imagecreatefrom* functions return an image resource identifier, which when cast to a string (saving an option) will result in an empty
string(0) "" container.
Raw images created by these functions do not have any specific data structure that can be serialized out of the box. Two solutions I can think of:
imagepng, for example to get the actual PNG data and store that instead.
$image_resource = imagecreatefrompng( ... ); // do GD manipulations $temp = tempnam( sys_get_temp_dir(), 'image_cache_' ); imagepng ( $image_resource, $temp ); $image_data = file_get_contents( $temp ); set_transient( 'cached_image', base64_encode( $image_data ), 3600 ); unlink( $temp );
Remember to always
base64_encode the data, since the options table in WordPress has
LONGTEXT type data fields which is not binary-ready.
Also note how you can maybe cache the image data in the uploads folder instead and use the Transients API to cache their image names:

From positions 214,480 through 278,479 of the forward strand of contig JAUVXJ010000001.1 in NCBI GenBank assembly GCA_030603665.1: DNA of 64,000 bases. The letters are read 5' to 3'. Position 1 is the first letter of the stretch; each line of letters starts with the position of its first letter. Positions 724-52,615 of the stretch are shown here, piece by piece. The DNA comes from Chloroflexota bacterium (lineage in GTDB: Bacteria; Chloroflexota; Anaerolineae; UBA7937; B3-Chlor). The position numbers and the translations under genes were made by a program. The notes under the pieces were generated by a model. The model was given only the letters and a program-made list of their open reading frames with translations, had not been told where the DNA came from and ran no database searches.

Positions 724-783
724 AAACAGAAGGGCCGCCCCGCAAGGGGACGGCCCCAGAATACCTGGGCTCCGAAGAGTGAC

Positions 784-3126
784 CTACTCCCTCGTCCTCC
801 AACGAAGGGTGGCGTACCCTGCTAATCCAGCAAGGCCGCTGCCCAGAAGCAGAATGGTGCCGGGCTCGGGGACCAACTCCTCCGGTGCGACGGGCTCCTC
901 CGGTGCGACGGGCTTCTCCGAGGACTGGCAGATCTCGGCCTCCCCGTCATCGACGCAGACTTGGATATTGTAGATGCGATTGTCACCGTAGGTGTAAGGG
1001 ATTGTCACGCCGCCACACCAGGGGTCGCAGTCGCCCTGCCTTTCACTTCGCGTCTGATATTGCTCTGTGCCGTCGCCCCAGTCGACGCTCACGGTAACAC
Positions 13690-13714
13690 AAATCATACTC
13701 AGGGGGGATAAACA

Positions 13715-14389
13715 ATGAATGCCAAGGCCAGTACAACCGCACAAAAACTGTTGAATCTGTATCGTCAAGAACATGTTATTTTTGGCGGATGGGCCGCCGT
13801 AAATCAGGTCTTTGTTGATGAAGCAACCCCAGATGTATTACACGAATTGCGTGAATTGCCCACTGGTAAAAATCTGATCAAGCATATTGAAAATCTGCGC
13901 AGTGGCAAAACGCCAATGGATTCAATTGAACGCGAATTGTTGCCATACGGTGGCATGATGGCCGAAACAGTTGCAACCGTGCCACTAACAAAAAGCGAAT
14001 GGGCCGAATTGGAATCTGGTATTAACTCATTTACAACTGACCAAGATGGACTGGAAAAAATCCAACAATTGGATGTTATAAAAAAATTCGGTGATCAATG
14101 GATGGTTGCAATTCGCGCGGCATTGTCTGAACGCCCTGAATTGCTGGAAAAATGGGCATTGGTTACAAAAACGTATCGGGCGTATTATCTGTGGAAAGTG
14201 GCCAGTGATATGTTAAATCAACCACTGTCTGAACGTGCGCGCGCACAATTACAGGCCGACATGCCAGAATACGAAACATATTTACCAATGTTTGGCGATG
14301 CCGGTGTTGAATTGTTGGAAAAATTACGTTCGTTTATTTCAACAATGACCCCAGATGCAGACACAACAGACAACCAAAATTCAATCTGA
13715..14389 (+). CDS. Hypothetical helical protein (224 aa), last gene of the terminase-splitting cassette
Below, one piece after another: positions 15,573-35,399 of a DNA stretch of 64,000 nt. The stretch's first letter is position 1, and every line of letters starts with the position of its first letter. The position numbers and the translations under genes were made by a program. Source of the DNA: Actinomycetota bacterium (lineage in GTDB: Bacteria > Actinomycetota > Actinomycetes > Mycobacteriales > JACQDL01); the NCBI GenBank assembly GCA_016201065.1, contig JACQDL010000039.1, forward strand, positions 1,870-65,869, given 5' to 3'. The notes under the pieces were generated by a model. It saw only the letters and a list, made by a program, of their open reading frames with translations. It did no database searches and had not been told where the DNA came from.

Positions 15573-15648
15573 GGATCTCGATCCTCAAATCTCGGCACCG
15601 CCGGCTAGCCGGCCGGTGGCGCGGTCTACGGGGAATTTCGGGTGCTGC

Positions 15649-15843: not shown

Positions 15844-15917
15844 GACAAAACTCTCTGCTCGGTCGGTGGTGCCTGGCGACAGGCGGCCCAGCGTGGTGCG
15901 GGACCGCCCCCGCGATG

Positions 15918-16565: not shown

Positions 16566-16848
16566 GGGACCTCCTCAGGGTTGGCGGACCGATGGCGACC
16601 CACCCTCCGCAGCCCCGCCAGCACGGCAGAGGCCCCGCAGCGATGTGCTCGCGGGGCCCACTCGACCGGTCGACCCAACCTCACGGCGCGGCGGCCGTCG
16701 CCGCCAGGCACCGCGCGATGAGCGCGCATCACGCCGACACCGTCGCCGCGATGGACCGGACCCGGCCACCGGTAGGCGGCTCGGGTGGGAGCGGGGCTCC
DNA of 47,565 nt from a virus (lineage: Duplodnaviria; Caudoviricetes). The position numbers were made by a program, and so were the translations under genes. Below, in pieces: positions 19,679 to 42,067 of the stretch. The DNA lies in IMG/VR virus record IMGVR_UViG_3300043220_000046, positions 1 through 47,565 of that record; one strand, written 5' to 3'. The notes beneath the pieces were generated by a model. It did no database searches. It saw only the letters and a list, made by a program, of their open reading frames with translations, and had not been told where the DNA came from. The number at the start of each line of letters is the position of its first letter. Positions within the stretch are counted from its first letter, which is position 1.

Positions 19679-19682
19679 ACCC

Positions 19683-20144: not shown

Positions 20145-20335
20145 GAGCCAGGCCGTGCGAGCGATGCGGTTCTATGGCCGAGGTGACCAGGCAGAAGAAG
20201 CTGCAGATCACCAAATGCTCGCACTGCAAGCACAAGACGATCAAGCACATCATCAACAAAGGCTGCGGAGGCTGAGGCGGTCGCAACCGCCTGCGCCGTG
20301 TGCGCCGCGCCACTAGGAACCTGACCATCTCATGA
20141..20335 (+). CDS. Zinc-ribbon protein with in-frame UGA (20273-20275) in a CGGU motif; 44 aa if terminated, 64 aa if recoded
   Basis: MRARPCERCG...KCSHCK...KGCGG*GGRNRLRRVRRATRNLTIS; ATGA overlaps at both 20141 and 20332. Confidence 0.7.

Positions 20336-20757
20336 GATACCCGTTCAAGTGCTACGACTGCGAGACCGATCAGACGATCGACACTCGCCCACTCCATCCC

$image_resource = imagecreatefrompng( ... ); // do GD manipulations $upload_dir = wp_upload_dir(); $upload_file = $upload_dir['path'] . "https://wordpress.stackexchange.com/" . $unique_image_name; imagepng ( $image_resource, $upload_file ); set_transient( 'cached_image', $upload_file, 3600 );
If, for one reason or another, you require to actually store raw pixel RGBA structures then you’ll need to use the
imagecolorat and read each and every pixel of the image, create a huge array and serialize it. Retrieving this data will require the rebuilding of the image.
This method has a very high overhead, can get confusing with color allocations and alpha blending, so in short, should not be used.